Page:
CYCLING IN SUMMER RAIN06 July, 2014 0 comments
Cycling In Summer Rain
Maybe you are cycling to work, on a weekend trip away or training for a big ride and the heavens open with an almighty downpour, with rain forecast for the remainder of the day. What do you do? Call for a taxi? Stay indoors? Reach for the remote control? Don't! Whatever you are doing with your bike, don't let wet weather stop you from getting your wheels out.
What To Wear
If you are a regular cyclist then it's well worth investing in a high-quality, waterproof jacket. Bear in mind that a waterproof jacket won't be waterproof unless the seams are taped. Save yourself time and a lot of fuss by remembering to check if your jacket has taped seams before handing over your cash. Peter Lovell says that the balance between waterproofing and breathability is neigh on impossible to attain in a single fabric. So, if you are shopping for a full taped, fully waterproof jacket, look for ventilation features for when the rain has passed, such as pit zips. The best jackets on the market will use high quality fabrics such as Gore-Tex for example. If you are commuting, look for a jacket with extras, such as bum and storm flaps and pockets, as well as high-viz details, so you can make yourself seen on the road.
Mark Stosberg from Bikes As Transportation says that he finds it much more enjoyable to wear clothes that are comfortable when wet, and carries clothes for his destination in a dry bag. He suggests wearing a wicking shirt - polypropylene or a lightweight merino wool, and some quick drying shorts with material similar to swimming shorts. Splash pants are another option. A bill cap is also a good idea to keep the rain out of your eyes. Try and avoid hoods in the rain, as they can block your view when you need to turn your head.
Overshoes are worth their weight in gold, says Simon Richardson from Cycling Weekly. Your extremities are the first parts of your body to be sacrificed in order to maintain a core temperature, and when your hands and feet get wet and cold you will feel disproportionally uncomfortable.
Tip: Avoid long raincoats and ponchos. Wear these and you run the risk of them getting trapped in the spokes or frame. Instead, opt for a bicyclist's rain cape. The added bonus of a rain cape is that it allows ventilation underneath, perfect for those warm but wet days.
Equip Your Bike
David Arthur from Road.CC say that it's not just the rain that gets you soaked, your own spray from the road can, without mudguards, ensure you'll be soaked very quickly. Mudguards are available in a wide range to fit just about every model of road bike, from full-length traditional guards, to simple and cheap clip-on's.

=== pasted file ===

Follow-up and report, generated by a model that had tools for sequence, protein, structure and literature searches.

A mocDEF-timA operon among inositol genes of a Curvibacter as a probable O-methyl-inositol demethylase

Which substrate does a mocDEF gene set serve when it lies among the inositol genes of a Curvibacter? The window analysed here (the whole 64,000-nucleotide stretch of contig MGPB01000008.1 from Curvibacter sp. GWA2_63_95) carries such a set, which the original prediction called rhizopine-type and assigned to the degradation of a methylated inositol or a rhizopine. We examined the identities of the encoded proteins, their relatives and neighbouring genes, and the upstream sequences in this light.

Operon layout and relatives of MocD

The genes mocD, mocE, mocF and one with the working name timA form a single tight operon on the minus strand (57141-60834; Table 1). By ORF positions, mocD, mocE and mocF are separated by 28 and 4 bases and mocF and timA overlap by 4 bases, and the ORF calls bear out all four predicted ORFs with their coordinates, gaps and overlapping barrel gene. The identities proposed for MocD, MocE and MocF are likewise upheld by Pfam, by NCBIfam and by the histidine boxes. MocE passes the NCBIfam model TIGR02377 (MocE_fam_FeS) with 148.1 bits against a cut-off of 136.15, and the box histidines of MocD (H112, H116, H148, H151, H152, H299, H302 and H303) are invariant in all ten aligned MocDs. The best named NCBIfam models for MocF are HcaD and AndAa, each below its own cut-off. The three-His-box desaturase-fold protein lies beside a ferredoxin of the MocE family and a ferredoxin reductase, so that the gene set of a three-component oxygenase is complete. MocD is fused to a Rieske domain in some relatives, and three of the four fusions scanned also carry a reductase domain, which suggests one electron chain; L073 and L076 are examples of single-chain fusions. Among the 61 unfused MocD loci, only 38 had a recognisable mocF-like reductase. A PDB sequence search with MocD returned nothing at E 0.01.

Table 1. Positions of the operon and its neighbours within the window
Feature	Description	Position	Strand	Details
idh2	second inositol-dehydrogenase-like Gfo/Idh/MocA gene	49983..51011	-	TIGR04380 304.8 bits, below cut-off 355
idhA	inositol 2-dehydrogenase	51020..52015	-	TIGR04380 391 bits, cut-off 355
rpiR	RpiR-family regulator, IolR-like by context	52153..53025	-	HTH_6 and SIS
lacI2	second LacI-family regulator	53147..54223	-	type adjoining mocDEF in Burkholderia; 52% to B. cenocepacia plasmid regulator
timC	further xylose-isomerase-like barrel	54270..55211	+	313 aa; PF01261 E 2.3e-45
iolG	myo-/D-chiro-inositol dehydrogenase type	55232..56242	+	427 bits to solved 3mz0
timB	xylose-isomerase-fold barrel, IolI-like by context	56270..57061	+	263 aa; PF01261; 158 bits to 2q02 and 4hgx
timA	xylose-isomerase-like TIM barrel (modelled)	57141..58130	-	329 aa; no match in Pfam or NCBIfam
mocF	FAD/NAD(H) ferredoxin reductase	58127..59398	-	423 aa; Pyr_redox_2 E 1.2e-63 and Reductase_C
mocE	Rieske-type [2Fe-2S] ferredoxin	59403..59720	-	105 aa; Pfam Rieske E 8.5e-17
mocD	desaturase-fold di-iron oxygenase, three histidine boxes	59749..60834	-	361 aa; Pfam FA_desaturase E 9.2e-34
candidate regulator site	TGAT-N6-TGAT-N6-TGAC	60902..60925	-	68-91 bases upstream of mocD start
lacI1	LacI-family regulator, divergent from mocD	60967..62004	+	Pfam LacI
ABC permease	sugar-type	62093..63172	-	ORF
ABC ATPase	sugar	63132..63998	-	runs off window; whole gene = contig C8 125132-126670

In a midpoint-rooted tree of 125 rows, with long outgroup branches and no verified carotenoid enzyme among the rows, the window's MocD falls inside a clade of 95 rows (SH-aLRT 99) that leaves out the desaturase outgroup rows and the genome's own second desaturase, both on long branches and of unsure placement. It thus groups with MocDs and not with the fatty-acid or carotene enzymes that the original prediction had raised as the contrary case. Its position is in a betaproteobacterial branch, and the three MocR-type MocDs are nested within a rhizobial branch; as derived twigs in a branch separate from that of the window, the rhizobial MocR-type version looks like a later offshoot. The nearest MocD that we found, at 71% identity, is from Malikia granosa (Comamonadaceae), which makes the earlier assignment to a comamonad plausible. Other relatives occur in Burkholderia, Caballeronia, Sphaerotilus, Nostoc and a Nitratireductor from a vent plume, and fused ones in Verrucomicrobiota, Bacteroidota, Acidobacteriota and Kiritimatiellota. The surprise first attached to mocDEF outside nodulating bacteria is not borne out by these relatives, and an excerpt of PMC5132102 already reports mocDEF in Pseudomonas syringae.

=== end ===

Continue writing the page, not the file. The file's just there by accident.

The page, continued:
Phillip Booth from Active.com says to let everyone know you are there. Heavy rain and the glare from auto headlights reduce motorists' vision. So it's a good idea to ride with bright LED lights.
Your tyres are more prone to punctures in the rain. David Arthur says that the water serves to wash all of the debris, grit and glass out of the gutter and into the road, and the water acts as an annoyingly effective lubricant to help sharp objects slice through rubber. Out for a long ride? Take a spare tube with you just in case.
Zac Dabb from Cascade Bicycle Studio suggests decreasing your tyre pressure when there's wet weather. Use anywhere from 5 to 10 psi lower than normal to get better traction. He also suggests to sit down and slow down. Stay seated more often during climbing, because you have less tyre traction. Don't punch it around corners; slow down earlier than normal to initiate curves.
Cycling on wet roads can be treacherous. The Human Cyclist Blog says the traction between the tyre and the road is reduced and corners quickly become enemies, as do manholes and drain covers. Both of these need treating as carefully as ice. Remember that breaking is also greatly reduced in the wet. Slowing down might be the last thing you want to do in the rain, but it's always better to arrive home wet than bruised and sore. Always avoid puddles and standing water when you can, as you don't know how deep the water is. Damp, dusty roads can also be a death trap, so be careful and remember to be confident on your bike. Kwin Peterson from Bike To Work Blog says that in his experience, confidence comes from four sources, and these are: having the right attitude, knowing the rules, good equipment and good technique.
The Human Cyclist Blog says that oiling the chain is the bare minimum, especially if you have just cycled through a biblical storm so heavy the paint was almost stripped from your frame. oiling the chain will prevent it from rusting. Richard Masoner from Commute By Bike says that as long as you keep up with some simple, basic maintenance, your bike should be just fine. Mudflaps not only keep the dirt from off your back, they also protect the more vulnerable parts of your bike too.
Tips for a simple but effective clean
Cleaning your bike after a wet ride will probably be the last thing you will want to do, but by spending ten minutes you can ensure your bike has a longer life. If your bike is totally encrusted, it will want a more intensive clean than the following.
- Use a watering can to rinse the grit and dirt off your bike.
- Dishwashing soap is fine to give the frame and the wheels a clean.
- Dry with a towel and re-lubricate.
Okay, okay, so you might not want to head out. Why not clean your bike instead. plan your next trip or browse the web for some good cycling blogs to get you inspired for when the rain eases off.